Opposition parties, civic groups and academics yesterday condemned President Ma Ying-jeou’s (馬英九) administration — notably Premier Jiang Yi-huah (江宜樺) — for ordering a bloody crackdown on students occupying the Executive Yuan, as part of a student movement now known as the Sunflower Revolution.
At about 1am yesterday, riot police and Taipei police, equipped with shields, truncheons and water cannons, carried out a five-hour eviction of thousands of protesters — who began occupying the Executive Yuan compound at about 7:30pm on Sunday — resulting in scores being injured.
“The DPP [Democratic Progressive Party] seriously condemns the police violence that took place [yesterday]. The DPP believes that water cannons should not be the sole method the police can rely on [to disperse the crowd]. Other countries use water cannons to disperse extremely rowdy crowds, often under the influence [of alcohol] or during sports events, but yesterday’s crowds were students and young people who have ideological expectations of their leaders, and they represent our nation’s future,” the DPP said in a press release.
Photo: Lo Pei-der, Taipei Times
DPP Chairman Su Tseng-chang (蘇貞昌), accompanied by former chairperson Tsai Ing-wen (蔡英文), former premiers Frank Hsieh (謝長廷) and Yu Shyi-kun, caucus convener Ker Chien-ming (柯建銘) and lawmakers, visited the students at the Executive Yuan at 1:50am, trying to lower tensions and prevent police from using excessive force to no avail.
The Taiwan Solidarity Union described the crackdown as “Taiwan’s Tiananman Massacre that is going to shock the world” in a press release.
Jiang’s order of the crackdown was “bloody and violent” and ironic for the former National Taiwan University law professor, the party said, adding that Jiang should step down because he is no longer fit for the post of premier.
The pro-independence Taiwan Society said in a press release that the use of excessive force represented serious state violence and showed the authoritarian nature of Ma’s government.
The group demanded that Ma and Jiang apologize for the bloody crackdown, renegotiate the cross-strait service trade agreement and immediately release student leader Dennis Wei (魏揚) who was involved in the siege of the Executive Yuan,.
With reports of the crackdown spreading overseas, two leading US lawmakers called for peace in dealing with the protesters.
US House Committee on Foreign Affairs Chairman Ed Royce and US Senator Sherrod Brown, who is also a founding member of the Congressional Taiwan Caucus, urged Ma to ensure a non-violent, peaceful resolution.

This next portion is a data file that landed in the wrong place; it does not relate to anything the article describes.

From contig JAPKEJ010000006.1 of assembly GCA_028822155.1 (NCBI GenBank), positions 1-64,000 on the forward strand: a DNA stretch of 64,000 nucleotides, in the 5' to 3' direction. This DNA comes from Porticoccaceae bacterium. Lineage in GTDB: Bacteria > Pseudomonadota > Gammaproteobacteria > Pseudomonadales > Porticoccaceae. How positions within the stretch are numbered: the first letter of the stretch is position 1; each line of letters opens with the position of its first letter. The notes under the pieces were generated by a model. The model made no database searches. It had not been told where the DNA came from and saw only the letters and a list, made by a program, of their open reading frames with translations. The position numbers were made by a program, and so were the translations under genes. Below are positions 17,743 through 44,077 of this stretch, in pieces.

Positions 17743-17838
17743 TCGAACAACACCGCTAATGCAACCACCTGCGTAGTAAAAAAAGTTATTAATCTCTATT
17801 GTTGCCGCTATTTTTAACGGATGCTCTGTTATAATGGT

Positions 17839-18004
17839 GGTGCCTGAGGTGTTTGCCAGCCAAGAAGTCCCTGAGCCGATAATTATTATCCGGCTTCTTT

“My thoughts are with Taiwanese students and other protesters expressing opposition to a proposed economic pact with China,” Brown said.
“The world is watching these courageous students,” the Ohio Democrat said. “The message to President Ma is that when you try to jam a trade agreement through, people will resist.”
Supporting Brown’s remarks, Royce added: “It is very important that things be handled peacefully.”
While a US Department of State official refused to comment on the situation, a well-informed source within the department told the Taipei Times that developments were being closely monitored in Washington.
Meanwhile, renowned US-based historian Yu Ying-shih (余英時) of Academia Sinica endorsed the student movement in an open letter yesterday highlighting Taiwanese young people’s deep mistrust of China.
Citing his personal connections in Taiwan, Yu said the student movement should not be mistaken as a campaign motivated by any political party because it has been a pure civic movement.
Yu said he saw the protest as a movement to protect and upgrade Taiwan’s democratic system because the public and the government should have an equal voice.
Additionally, Yu warned Taiwan against underestimating China’s strategy of using economic means to achieve its political goals.
When China locks Taiwan in its economic network, the time for unification will be ripe, Yu said.
The historian said democracy would be the best tool to guarantee Taiwan’s security and that was why China has been trying to undermine Taiwan’s democratic system.
Additional reporting by William Lowther
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